Articles about disrupting healthcare, particularly those analogizing, say, Tesla's example with healthcare's current state, are frequently met with a chorus of (paraphrasing here) "Irrelevant! Cars are easy, healthcare is hard." You know, patients and doctors as examples of "information asymmetry" and all that.
Well, let me ask you this: assuming you drive a car with a traditional internal combustion engine, how much do you know about the metallurgy in your car's engine block? I'll bet the answer is: virtually nothing. In fact it's probably less than you know about your own body's GI tract. Yet somehow, every day, us (allegedly) ignorant people buy and drive cars without help from a cadre of experts. Most of us do so and live happily ever after (at least until the warranty expires. Warranties...another thing healthcare could learn from Tesla.)
Now, us free range dummies - impatient with information asymmetry - are storming healthcar…
you still think there's a secret sauce to your hospital becoming more
"consumer friendly," these 5 steps are as good a place to start as any.
Unfortunately, it's a little like that old Steve Martin comedy bit
where he says he'll teach you how to be rich. The first step is to go
find a million dollars.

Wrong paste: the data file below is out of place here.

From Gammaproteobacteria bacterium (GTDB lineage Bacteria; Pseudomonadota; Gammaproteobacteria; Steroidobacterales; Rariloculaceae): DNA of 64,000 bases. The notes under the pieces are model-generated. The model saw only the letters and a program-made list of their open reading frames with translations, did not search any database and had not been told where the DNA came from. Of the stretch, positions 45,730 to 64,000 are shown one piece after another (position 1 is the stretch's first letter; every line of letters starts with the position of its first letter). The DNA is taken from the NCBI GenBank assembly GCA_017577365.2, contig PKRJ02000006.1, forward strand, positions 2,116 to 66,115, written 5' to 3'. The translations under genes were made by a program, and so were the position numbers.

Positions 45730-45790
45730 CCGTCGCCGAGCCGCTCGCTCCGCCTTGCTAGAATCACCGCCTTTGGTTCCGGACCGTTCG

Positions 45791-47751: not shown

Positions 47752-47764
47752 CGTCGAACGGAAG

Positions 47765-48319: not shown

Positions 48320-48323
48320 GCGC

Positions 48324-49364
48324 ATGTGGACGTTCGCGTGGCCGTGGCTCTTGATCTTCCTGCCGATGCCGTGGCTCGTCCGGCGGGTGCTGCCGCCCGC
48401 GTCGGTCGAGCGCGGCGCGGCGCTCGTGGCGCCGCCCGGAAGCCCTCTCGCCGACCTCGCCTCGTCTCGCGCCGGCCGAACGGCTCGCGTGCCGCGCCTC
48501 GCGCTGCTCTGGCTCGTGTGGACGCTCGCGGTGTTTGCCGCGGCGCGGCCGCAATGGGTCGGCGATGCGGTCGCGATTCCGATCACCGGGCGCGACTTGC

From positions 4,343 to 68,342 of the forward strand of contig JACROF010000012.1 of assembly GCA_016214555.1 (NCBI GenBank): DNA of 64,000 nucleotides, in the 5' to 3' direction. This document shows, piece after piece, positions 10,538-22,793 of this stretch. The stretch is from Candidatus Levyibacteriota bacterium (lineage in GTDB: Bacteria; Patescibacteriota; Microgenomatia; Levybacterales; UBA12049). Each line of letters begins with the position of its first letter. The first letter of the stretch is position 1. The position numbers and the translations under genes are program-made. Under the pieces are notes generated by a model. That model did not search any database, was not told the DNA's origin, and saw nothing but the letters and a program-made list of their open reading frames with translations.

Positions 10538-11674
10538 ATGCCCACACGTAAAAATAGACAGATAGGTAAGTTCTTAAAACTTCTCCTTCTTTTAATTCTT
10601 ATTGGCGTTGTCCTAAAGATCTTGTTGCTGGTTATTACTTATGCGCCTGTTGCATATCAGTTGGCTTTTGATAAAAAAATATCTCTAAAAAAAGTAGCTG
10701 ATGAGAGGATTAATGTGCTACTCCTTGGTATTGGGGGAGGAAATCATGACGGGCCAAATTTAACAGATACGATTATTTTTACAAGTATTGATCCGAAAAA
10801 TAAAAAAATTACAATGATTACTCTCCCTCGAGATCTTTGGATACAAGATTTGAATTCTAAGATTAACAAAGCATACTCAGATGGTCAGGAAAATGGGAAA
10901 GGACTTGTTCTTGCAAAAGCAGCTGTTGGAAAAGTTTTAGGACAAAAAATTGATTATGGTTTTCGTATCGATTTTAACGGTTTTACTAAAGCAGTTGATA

Step 1 from the article is realizing that
"...a Medicare beneficiary with chronic conditions is different from a
young mom who brings her kids in for an annual check-up." This is market
segmentation for beginners, and, yes, one size decidedly does not fit
all. I'm sure your marketing team's been saying this for a while.
Steps 2-5: have a strategy, metrics, a champion and resources. OK. Hard to argue with any of those.
those things, alone or together, won't overcome culture. They're
important components to be sure, but insufficient without a …
How might health care providers use technology to turn customers' mobile phones into information displays and ordering devices? A few years ago, the NY Times outlined how retailers are doing it...
"(Designer Norma) Kamali is at the forefront of a technological transformation coming to many of the nation’s retailers. They are determined to strengthen the link between their physical stores and the Web, and to use technology to make shopping easier for consumers and more lucrative for themselves. ...
Cisco Systems, the supplier of networking equipment and services for the Internet, is also a leader in the field. The company’s Mobile Concierge system is capable of connecting customers’ smartphones to retailers’ wireless networks — so a shopper could type “Cheez Whiz” into a cellphone, then pinpoint its location in the store."
Ms. Kamali's boutique installed a technology called ScanLife, "allowing people to scan bar codes on merchandise and obtain details about the…